** Update: It’s hard to tell but I think PIX is no longer a free app and is now part of Visual Studio :/ I have started using Intel’s profiler/debugger which is quite good but requires you to have an intel card you can use **
What the Fuck!
What the Fuck is it DOING!?
Why in the name of hell isn’t it working?
These are just a few of the fun phrases you can apply in the fun field of Shader programming with Flash’s new Stage3d API.
Shaders are cool as hell. In my last post I wrote up an example of a pixel shader that makes grass wave in the wind. It was a pretty simple 7 line shader and I managed to write it without a debugger of any kind. The real problem comes when you want to write something more complicated. Then the lack of any solid feedback will start to drive you crazy. You will begin to fantasize about introducing axes to graphics cards with great force. Fortunately Microsoft, in a rare show of magnanimity, has given us a way out.
There is a tool in DirectX Utilities called PIX which can be used to examine shader variables as well as step through their operation! In a perfect world that would be all the instruction required: use PIX. Unfortunately PIX has a bit of a learning curve and there are a few bends to the curve that are far from obvious so I’m going to tediously document every little step.
I’m going assume you have the standalone flash player. But you will need that if you don’t have it. This example is going to use my simple Shader Testbed which you can download from this post.
First go download DirectX and install it. *I don’t think this link will get you PIX anymore* Now run PIX which is one of the DirectX Utilities in your start menu. Inside PIX select file->New Experiment You will be presented with a window that looks like this:
Provide the path to your flash stand alone player in the Program path field. Select the “a single-frame capture of Direct3D whenever F12 is pressed” radio button. Now click the “more options” button and then the “Target Program” tab.
In the “Command-line arguments” field fill in the path to your swf. Now hit “Start Experiment”. If your swf doesn’t start running then you’ve got a filename wrong or something.
Ideally now your swf is running. Do whatever you have to do to get your shader running and the results on the screen. For my Shader Testbed example I’m going to paste in the wavy grass shader.
The moment has come. Now hit F-12. This will capture the state of the program on that frame. Close your swf. This will bring up PIX’s analysis window which is chock-a-block with stuff. You want to debug a pixel and look at watch the shader modify its value. To do that:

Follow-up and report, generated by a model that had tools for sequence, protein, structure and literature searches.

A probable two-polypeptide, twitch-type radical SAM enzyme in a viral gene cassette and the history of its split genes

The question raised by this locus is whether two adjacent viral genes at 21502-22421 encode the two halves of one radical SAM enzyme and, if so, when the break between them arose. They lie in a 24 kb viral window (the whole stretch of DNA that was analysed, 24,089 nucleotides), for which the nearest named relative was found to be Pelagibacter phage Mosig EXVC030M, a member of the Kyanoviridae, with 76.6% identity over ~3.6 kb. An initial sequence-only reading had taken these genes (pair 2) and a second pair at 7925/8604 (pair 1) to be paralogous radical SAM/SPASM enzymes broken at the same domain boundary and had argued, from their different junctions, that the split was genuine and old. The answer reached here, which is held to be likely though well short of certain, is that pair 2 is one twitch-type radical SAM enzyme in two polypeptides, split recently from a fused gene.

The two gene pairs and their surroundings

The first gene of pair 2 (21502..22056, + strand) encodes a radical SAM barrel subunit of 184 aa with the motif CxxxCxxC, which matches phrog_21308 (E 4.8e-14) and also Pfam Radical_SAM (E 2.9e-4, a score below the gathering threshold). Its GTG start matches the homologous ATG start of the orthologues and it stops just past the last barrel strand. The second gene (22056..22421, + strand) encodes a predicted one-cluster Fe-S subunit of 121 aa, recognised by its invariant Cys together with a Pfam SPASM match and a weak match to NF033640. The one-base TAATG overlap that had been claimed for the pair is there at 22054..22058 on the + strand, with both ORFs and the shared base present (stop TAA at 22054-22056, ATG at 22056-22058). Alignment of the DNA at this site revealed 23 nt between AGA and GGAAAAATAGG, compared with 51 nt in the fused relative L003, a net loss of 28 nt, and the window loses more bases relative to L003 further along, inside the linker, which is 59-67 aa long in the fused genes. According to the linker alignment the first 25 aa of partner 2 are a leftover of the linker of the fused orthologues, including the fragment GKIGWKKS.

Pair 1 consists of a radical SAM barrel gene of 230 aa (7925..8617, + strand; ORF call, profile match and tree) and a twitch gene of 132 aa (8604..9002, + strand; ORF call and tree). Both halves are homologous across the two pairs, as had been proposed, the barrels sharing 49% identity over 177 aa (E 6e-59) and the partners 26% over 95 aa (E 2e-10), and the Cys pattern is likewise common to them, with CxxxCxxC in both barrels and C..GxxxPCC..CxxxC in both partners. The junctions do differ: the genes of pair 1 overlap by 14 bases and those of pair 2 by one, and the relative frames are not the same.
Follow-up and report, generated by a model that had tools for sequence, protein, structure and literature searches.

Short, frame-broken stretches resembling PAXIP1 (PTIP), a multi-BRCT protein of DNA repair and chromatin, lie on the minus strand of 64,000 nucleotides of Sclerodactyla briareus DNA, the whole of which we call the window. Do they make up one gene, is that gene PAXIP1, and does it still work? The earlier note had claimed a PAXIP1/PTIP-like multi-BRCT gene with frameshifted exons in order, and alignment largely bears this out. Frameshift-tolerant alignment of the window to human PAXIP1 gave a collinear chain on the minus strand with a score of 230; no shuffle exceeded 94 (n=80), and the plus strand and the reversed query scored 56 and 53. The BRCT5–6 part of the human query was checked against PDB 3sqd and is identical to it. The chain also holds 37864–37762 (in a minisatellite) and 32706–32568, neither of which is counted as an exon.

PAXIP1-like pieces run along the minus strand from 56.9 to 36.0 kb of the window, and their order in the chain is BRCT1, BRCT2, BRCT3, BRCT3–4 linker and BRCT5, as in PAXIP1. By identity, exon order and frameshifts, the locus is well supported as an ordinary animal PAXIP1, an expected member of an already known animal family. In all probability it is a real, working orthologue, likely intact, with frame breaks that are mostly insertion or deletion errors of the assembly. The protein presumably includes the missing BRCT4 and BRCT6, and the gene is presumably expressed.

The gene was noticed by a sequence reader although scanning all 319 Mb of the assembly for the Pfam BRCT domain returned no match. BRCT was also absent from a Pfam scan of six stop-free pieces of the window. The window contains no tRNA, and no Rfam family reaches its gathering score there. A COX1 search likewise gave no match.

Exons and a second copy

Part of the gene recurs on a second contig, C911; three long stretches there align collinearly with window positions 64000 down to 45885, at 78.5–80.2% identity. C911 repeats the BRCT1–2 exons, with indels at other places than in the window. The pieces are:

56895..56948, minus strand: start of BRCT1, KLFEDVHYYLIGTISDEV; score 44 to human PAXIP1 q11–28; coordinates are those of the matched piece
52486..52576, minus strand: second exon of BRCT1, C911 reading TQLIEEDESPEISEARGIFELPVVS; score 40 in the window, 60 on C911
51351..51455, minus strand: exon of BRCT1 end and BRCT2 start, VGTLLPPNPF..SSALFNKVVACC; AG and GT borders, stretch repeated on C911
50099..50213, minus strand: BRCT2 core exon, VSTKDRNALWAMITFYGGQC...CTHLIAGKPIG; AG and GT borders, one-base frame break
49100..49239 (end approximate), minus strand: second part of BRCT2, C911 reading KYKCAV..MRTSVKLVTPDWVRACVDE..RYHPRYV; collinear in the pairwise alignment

- Select the frame you captured
- Select the render tab, this will bring up a screenshot of the frame in question
- Right click on the pixel you’re interested in and select “Debug This Pixel”
Now you’ll get a list of draw calls pertaining to that pixel. Unfortunately for some reason it won’t include the draw call you care about. Or it will, but it won’t include your shader… or something. For whatever reason you can’t debug your shader from here. You can debug some shader here but you can’t debug your shader here.
To debug your shader you have to select the specific draw call that displays your texture. You can find that by expanding the Frame and finding the draw call manually.
After expanding the Frame press the “Next Draw Call” button. It’s a capital D with an arrow next to it. Then make sure you have the “render” tab open on the right.
Watch the screenshot on the right and go from draw call to draw call until your texture shows up. Now stop hitting the “Next Draw Call” button or you’ll get back to the useless state. Ok, now go back to the Render window and right-click a pixel on your texture and select “Debug This Pixel”.
This time it will actually work! Hit the “Debug Pixel” link and you will get to step through your shader code and inspect the registers!
It’s not in AGAL, it’s in some other shader assembly but, you know, seen one shader assembly language you seen ’em all really.
So, yeah, that did take a fair amount of work and yes, the turn around time between debug sessions isn’t great. But damn it shaders are super cool and if you want to do much with them then you’re going to have to be able to do some debugging.
Hope you found this useful. It took me a while to figure out. Also, if you have trouble finding the right draw call you can always use the “Objects” window to find the memory address of your particular shader, search the Frame for that address, and then you know the next draw call is the one you want.